For i2 Technologies, its Indian R&D centre spread across two locations in Mumbai and Bangalore is contributing immensely to its overall product development for the global market. The company has relocated many people from its US headquarters to its centre in India. The centre here is driving nearly 60 percent of the company’s global development delivery. Says Sankalp Saxena, managing director and senior vice president, i2 Technologies, "Although we have many other development centres across the world, our India development centre is the largest outside the US, and we have invested close to around $10 million in 2002 towards its growth." Besides developing many other products, the centre has fully developed a strategic sourcing solution for i2, and delivered nearly eight manufacturer-industry templates and retail solutions from India.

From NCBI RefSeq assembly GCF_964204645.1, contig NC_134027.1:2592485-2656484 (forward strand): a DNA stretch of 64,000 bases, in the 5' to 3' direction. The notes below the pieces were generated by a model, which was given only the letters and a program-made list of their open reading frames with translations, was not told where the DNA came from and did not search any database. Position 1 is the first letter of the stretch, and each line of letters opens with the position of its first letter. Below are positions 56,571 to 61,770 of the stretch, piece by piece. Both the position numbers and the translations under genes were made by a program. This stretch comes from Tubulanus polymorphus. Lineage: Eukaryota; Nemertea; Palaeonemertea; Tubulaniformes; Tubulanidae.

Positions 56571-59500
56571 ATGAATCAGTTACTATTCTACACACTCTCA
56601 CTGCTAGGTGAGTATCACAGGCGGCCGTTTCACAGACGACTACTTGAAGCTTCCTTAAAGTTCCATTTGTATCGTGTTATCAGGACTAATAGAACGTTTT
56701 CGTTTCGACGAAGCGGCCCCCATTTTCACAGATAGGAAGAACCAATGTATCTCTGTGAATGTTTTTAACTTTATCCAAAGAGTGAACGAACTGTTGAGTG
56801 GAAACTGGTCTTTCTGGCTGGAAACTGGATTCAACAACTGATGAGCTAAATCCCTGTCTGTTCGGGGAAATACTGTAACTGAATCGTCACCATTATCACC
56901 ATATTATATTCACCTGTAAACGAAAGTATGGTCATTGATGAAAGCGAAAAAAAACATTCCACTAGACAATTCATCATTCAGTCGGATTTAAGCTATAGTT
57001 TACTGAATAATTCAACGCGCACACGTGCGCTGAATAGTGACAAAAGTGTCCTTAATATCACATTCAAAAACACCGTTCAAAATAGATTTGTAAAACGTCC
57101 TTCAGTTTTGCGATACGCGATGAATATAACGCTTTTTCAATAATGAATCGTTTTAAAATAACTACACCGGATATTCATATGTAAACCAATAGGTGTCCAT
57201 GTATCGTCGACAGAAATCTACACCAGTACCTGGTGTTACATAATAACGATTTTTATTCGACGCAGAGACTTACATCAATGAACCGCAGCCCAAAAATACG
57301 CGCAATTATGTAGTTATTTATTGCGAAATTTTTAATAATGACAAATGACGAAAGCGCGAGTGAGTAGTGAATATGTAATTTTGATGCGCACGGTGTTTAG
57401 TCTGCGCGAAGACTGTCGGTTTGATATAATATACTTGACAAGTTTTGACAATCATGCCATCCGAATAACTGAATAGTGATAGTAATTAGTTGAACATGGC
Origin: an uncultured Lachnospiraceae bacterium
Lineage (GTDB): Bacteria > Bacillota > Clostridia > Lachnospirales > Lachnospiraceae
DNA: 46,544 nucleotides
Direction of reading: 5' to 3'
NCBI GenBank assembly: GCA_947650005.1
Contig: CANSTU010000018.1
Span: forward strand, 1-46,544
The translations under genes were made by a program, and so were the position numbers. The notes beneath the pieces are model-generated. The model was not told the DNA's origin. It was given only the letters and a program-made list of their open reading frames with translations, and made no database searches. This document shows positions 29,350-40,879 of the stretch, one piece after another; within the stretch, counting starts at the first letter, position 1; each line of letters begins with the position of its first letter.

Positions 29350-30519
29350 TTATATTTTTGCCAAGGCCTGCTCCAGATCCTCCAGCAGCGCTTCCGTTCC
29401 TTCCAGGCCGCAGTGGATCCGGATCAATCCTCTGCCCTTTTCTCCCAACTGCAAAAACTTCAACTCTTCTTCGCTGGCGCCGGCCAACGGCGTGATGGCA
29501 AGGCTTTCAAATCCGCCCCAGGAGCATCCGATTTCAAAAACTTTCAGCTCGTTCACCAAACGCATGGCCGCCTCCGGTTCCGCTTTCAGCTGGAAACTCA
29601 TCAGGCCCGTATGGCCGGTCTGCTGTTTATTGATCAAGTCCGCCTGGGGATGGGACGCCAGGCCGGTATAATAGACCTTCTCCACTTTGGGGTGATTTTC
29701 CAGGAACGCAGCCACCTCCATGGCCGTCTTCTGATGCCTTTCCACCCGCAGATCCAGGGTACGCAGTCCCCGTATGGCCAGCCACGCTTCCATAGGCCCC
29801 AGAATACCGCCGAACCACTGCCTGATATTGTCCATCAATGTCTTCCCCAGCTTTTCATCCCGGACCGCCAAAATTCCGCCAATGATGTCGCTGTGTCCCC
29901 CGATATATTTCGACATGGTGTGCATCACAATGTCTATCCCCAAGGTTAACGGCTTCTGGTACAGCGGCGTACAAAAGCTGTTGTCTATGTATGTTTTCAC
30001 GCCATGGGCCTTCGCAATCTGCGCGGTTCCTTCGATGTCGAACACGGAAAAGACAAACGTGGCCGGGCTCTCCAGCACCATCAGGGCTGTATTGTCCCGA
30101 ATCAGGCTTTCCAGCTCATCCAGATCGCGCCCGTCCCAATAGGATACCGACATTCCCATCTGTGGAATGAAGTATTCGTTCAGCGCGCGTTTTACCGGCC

IBM’s Software Lab at Bangalore and Pune works on WebSphere, Û2, Lotus, Tivoli and Rational. The company has added new areas like middleware and business intelligence to its labs in India.

Looking ahead

HP Labs, Bangalore, is a unique research centre dedicated purely to research. HP has vested it with the responsibility of conducting research on futuristic technology for emerging markets with a focus on the Asian and African markets. The lab was set up early last year. It has a team of 20 specialists—engineers, linguists and research scholars who work on generating new ideas that can help the common man in emerging markets access technology at an affordable price. The lab works with all the different divisions of HP. Explains Dr S Ramani, the lab’s research director, "Other HP labs across the world have chosen a technology area and work upon it, but we have been vested with the responsibility of only doing research on emerging markets. We are expected to visualise a new technology and demonstrate it for use as a futuristic option."

Expansion spree